merican co e e o ortunities raw Catalan vote could rowin num er o inese stu ents lead to self-rule New York Times NewsService MADRID — The depth of Catalonia's challenge to Spanish Prime M i n ister Mariano Rajoy should become clear today, when an early election could help determine whether Spain's most powerful economic region eventually splits from the rest of the country. The vote comes at a difficult moment for Rajoy, who stands on the front lines of the euro crisis and is under pressure to decide whether Spain needs more financial assistance through bond purchases by the European Central Bank. Rajoy is also battling record unemployment and protests against his austerity measures. Artur Mas, leader of Catalonia's regional government, called the election two years early after failing to convince Rajoy to ease Catalonia's federal tax burden, and following a massive pro-independencerally in Barcelona on Sept. 11. That turnout by hundreds of thousands of Catalans has galvanized the region, where the distinctive Catalan flag is on display in shops, bars and even bare hilltops. If he triumphs today, Mas has pledged to hold a referendum on i n dependence,

By Nara Schoeoberg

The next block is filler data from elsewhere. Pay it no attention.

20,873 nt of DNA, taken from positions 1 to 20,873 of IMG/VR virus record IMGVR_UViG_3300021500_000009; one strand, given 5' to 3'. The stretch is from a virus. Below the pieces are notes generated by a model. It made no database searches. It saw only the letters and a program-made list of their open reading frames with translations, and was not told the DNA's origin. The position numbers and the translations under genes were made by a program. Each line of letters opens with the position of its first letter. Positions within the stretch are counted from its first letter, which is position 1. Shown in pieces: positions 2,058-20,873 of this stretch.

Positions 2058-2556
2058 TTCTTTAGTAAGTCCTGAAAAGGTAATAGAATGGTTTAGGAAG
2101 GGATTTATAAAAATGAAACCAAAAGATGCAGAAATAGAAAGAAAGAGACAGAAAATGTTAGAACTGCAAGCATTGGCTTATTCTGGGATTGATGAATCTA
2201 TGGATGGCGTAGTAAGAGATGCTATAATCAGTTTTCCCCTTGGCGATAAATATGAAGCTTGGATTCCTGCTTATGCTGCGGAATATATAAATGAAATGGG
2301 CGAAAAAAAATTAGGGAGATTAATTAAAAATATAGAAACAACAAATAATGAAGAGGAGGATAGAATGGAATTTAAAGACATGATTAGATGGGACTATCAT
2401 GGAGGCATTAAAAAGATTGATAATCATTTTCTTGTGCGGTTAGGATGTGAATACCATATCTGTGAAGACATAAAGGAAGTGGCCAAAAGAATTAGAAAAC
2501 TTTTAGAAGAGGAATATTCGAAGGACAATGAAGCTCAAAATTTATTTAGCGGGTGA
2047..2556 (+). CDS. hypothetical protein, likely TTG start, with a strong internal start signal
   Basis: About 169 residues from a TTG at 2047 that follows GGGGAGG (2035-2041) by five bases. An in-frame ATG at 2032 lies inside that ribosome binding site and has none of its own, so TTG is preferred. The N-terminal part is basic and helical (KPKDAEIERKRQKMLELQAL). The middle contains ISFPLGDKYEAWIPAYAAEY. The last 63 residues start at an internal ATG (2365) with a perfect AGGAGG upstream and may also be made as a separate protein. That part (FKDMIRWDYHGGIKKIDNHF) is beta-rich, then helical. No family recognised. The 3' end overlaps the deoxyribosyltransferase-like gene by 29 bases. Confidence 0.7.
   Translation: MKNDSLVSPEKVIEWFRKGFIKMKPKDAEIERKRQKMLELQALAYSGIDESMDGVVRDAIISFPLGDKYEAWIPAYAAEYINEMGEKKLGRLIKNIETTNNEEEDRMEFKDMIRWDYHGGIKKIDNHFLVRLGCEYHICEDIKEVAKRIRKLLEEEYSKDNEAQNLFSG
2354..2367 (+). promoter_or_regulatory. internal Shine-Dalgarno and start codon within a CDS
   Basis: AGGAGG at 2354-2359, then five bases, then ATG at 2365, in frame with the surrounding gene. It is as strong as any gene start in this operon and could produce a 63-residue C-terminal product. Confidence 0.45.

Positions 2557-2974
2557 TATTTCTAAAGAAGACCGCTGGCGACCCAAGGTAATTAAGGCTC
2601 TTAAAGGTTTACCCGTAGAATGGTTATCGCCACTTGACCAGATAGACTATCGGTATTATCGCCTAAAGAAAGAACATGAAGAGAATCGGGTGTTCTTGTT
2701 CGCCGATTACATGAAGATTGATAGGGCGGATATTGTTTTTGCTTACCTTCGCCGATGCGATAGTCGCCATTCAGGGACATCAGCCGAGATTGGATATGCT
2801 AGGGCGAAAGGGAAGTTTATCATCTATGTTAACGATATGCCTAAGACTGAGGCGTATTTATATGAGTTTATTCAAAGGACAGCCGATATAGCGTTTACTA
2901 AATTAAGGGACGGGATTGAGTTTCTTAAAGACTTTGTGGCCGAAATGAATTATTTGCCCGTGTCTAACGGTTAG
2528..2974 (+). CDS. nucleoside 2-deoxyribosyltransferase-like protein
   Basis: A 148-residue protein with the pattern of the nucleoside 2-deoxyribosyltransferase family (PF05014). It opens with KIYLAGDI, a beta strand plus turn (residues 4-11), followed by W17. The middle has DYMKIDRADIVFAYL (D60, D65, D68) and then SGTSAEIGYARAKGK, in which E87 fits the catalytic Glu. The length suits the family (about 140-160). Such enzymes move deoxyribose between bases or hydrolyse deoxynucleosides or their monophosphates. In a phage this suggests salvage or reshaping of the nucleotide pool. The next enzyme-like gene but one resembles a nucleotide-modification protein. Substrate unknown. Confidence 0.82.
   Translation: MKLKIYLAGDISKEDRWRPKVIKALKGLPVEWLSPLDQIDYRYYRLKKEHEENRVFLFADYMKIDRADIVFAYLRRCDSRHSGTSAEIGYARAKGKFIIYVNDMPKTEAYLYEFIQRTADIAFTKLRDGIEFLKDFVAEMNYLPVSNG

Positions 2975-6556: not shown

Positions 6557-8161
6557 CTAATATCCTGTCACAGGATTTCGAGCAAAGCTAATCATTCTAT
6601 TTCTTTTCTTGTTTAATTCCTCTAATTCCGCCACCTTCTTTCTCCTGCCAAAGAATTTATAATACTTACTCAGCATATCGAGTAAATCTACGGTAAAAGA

able experience at a particuChicago Tribune lar U.S. school, they will tell CHICAGO — When Zipeng their friends and relatives and "Frank" Jiang arrived in the the school's reputation will U.S. for the first time, he was plummet. a 16-year-old Chinese honors Many C h i nese s t udents student with big dreams, limhope to work in the U.S. for ited English skills and no idea two or three years after colhow to recover the carry-on lege before returning to China, bag that the flight crew had according to Xuezhou "Jodie" taken for last-minute check-in. Zong, vice president of the "It was my carry-on lugChinese International Student Association at Northwestern. gage, so all m y i m p ortant stuff was in it: my ID, a bunch Growing up in Shenzhen, a of cash, my laptop," said Jibustling coastal city of 10 milang, who came hereto attend lion not far from Hong Kong, boarding school. Chris Walker/Chicago Tribune Frank Jiang p l ayed v i deo "I basically had my backFrank Jiang, a senior at Northwestern University,performs a games, honedhis street-dancpack and my saxophone with "popping" dance routine last month during a dance contest at ing skills and excelled acame. The dorm director picked the Uptown Youth Center in Chicago. He is one of thousands demically. He landed a spot in me up, and he's like, 'Where's of Chinesestudents in the U.S. and has become a "popping" the best high school in the city, your stuff?' and I'm like, 'I lost enthusiast. where he was a student leader, it.' I'm pretty sure I left a bad organizing festivals and other first impression." activities for his 150-student Jiang's next few months at The trend appears to be ac- and initiative is typical of the "unit" in a class of 1,000. The King's Academy in rural celerating, Xueqin Jiang said, Chinese students who come He loved his high school, he Seymour, Tenn., were simi- with Chinese students com- here, said Peggy Blumenthal, said, and he was on track to larly stressful, as he battled ing toAmerica to prepare for senior counselor to the presi- go to a very good university, homesickness,scrambled to college while in high school or dent at the not-for-profit Inbut he thought he'd get more get up to speed on idiomatic even middle school. stitute of International Educa- out of a U.S. education. "We don't have YouTube" English and struggled with Chinese students said they tion, which tracks internationeverything from fast-food re- initially struggle to connect al enrollment at U.S. colleges in China, he said, referring fills to classroom etiquette. with classmates who speak and universities. to a government ban. "We "These are extraordinary don't have Facebook. There But five years later he's a r apid-fire i d i o matic E n g N orthwestern s e nior w i t h lish, listen to different music, kids," she said. "Taking the are always way to get around a JPMorgan Chase 8 C o . watch different T V s h ows, risk of studying outside the those barriers, but, in general, internship — and windsurf- follow different sports, reculturehas weeded outthe or- it's kind of i solated. Differing lessons — under his belt, member different childhood dinary kids. They bring some- ent countries are more constrolling confidently across games and embrace a teen thing very special: a willing- nected so I thought it would be campus in red suede loafers drinking culture that has no ness to be out there and live good to have an international and greeting classmates with Chinese equivalent.Because a little bit dangerously and perspective." waves, hugs and Facebook Americans have trouble with experimentally, and they do Standing on a busy corner references. Chinese tonal pronunciations, thrive." of campus, pink smartphone "I've never regretted for a many newcomers forgo even T here is a p o t ential f o r in hand, 19-year-old Andrea second thatI came here," he their given names, adopting problems, experts say. In the He looks every bit the Northsaid of Northwestern. "I've re- English ones during their time cash-strapped University of western s t udent, c o mplete ally enjoyed it." here. California system, some par- with a school T-shirt, match"I do miss my name," said Jiang is part of a new genents have alleged that Chinese ing p u rple A d i das t e nnis eration of high-powered Chi- Northwestern sop h o more students, who are not eligible shoes and a casual upswept nese students i n creasingly Yuqing He, who i s k n own for financial aid and typically ponytail. She came here, in looking to America for a col- here as Andrea. pay full tuition, are being cho- part, for the flexibility of a lege education. Facing a shortBut in a h alf-dozen inter- sen over qualified Americans. Western education, she says; age of spots at top universities views, Chinese students at And e x perts a c knowledge the Chinese university sysa t home and drawn by t h e Northwestern said they've em- that schools may see a finan- tem tends to be more rigid and prestige of U.S. schools and braced speaking up in class, cial incentive to accept less ad- test-based. "It's very hard to change the opportunity for i nterna- landed dream internships and venturous and accomplished tional experience, 57,000 Chi- taken advantage of research Chinese students who are ill- your major (in China)," said nese undergraduates attended opportunities they w ouldn't equipped for study abroad but He, who is majoring in ecoU.S. colleges in 2011, up from have had in t h e t est-based can pay full tuition, which can nomics an d m a t h ematical 10,000 in 2007. Chinese system. Some live off come to more than $30,000 a methods in t h e s ocial sci"Five or 10 years ago, going campus and socialize mainly year atsome private schools. ences. "It's very hard to get a "I think it's a calculation dual degree. It's very hard to abroad was considered what with other Chinese students, dumb rich kids did, and now but He, anoutgoing econom- that U.S. universities and col- get a double major. It's very it's considered what smart ics student from Beijing, is a leges are now grappling with: hard to get into a class (you middle-class kids do," said member of the Chi Omega so- There's a s h ort-term gain, know) you'd really love. You Xueqin Jiang, former director rority and Jiang, a competitive perhaps, in taking students will waste a lot of time doing of the international division hip-hop dancer, practices with that aren't going to t h r ive, things you don't like, and I a t Peking U niversity H i gh the Electric Funketeers dance but a very big long-term risk," don't want to do that. I want School. "That's a huge shift crew in Chicago. said Blumenthal, pointing out my life in my late teens and right now in China." That kind o f a daptability that if students have a miser- early 20s to be meaningful."